Moises Paiewonsky, an associate professor of music (trombone) and the assistant director of the UA Fred Fox School of Music, is so widely acclaimed as a trombone performer and teacher that it came as a surprise to hear it was not his first choice of instrument. “In junior high,” he said in a recent telephone conversation, “I told the band leader I wanted to learn how to play saxophone, percussion, or horn. Instead, I was forced into the trombone.”
But Paiewonsky has no regrets, and neither do we. A perennial favorite with Arizona Senior Academy audiences, he will make his seventh appearance on the ASA stage on Tuesday (Feb. 27) at 11:30 a.m., this time with six tromboneists from the UA Trombone Studio.
What Paiewonsky came to appreciate in the trombone is the prominent role it plays in nearly every musical idiom from the Baroque era to jazz and beyond. The program he plans highlights that time span and features music written for the trombone between the 16th and 21st centuries.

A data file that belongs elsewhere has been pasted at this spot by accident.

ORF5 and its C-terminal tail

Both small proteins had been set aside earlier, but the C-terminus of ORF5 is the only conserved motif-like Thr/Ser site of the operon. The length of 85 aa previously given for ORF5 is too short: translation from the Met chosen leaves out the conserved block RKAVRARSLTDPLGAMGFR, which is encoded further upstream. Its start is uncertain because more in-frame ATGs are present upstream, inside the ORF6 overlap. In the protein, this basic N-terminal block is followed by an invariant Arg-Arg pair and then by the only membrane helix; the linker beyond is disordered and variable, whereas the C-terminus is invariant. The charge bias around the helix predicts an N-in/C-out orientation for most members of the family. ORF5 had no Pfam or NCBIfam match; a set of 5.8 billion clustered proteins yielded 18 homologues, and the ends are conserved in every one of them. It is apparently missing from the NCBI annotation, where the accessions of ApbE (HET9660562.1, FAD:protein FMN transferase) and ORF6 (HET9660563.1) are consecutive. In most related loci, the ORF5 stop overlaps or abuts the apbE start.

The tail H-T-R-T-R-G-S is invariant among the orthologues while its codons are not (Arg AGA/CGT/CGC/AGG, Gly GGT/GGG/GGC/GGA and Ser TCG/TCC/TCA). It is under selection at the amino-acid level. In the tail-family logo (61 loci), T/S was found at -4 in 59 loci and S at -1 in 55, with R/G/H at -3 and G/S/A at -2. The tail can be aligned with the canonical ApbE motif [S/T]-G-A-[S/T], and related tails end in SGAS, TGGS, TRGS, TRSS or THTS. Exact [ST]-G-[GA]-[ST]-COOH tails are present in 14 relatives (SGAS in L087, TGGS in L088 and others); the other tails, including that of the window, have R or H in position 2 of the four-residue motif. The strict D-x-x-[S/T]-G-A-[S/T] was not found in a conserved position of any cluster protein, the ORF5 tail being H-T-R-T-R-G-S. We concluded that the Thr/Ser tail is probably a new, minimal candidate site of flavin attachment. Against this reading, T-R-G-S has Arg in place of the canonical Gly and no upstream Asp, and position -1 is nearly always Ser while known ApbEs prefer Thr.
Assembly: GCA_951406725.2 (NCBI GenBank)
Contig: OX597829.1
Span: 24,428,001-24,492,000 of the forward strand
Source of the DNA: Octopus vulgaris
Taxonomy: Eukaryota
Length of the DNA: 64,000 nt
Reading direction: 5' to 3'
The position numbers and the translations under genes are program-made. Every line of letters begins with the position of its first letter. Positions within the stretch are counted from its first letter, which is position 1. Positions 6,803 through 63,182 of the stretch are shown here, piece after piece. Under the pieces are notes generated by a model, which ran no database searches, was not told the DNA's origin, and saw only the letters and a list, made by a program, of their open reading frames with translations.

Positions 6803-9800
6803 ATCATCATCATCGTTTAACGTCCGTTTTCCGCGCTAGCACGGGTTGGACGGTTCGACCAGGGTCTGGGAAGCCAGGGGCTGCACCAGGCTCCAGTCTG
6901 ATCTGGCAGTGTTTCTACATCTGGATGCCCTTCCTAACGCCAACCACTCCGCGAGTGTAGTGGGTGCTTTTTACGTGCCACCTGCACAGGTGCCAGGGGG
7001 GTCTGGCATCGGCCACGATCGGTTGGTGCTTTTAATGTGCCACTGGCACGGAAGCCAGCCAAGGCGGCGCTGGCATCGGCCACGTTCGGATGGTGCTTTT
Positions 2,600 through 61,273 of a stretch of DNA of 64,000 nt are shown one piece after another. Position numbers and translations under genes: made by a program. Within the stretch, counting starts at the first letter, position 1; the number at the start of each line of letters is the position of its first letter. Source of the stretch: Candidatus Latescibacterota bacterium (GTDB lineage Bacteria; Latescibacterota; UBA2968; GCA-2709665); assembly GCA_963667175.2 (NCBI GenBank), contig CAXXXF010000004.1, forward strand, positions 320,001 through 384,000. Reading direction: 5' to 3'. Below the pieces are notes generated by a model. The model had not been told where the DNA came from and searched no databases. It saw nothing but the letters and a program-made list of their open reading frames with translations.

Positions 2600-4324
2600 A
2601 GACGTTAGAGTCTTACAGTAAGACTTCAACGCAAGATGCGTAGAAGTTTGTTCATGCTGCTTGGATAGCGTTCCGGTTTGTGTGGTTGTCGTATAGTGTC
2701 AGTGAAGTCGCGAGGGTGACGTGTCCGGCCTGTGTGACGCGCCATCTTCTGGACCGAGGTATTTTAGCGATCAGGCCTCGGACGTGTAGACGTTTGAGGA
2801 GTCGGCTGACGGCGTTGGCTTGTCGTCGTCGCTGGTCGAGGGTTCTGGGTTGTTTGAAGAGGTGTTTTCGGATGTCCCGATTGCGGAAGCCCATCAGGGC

The oldest work in the concert will be the sonata pian’ e forte by Giovanni Gabrieli, a Venetian composer and organist. Composed in 1597, it is said to be the earliest known music to call for specific brass instruments—in this case the cornet and the sackbut, forefather of the trombone.
The newest work, “Myths & Legends,” a trombone quartet by Eric Ewazen, a noted brass composer on the faculty of the Juilliard School, was commissioned by the Rittenhouse Quartet and first performed in 2001.
The trombonists will also play three of Anton Bruckner’s 40 motets, which have been called “small masterpieces.”
Will there be jazz? “Perhaps,” Paiewonsky says. So stay tuned.
Written by Caroline Bates, Academy Village Volunteer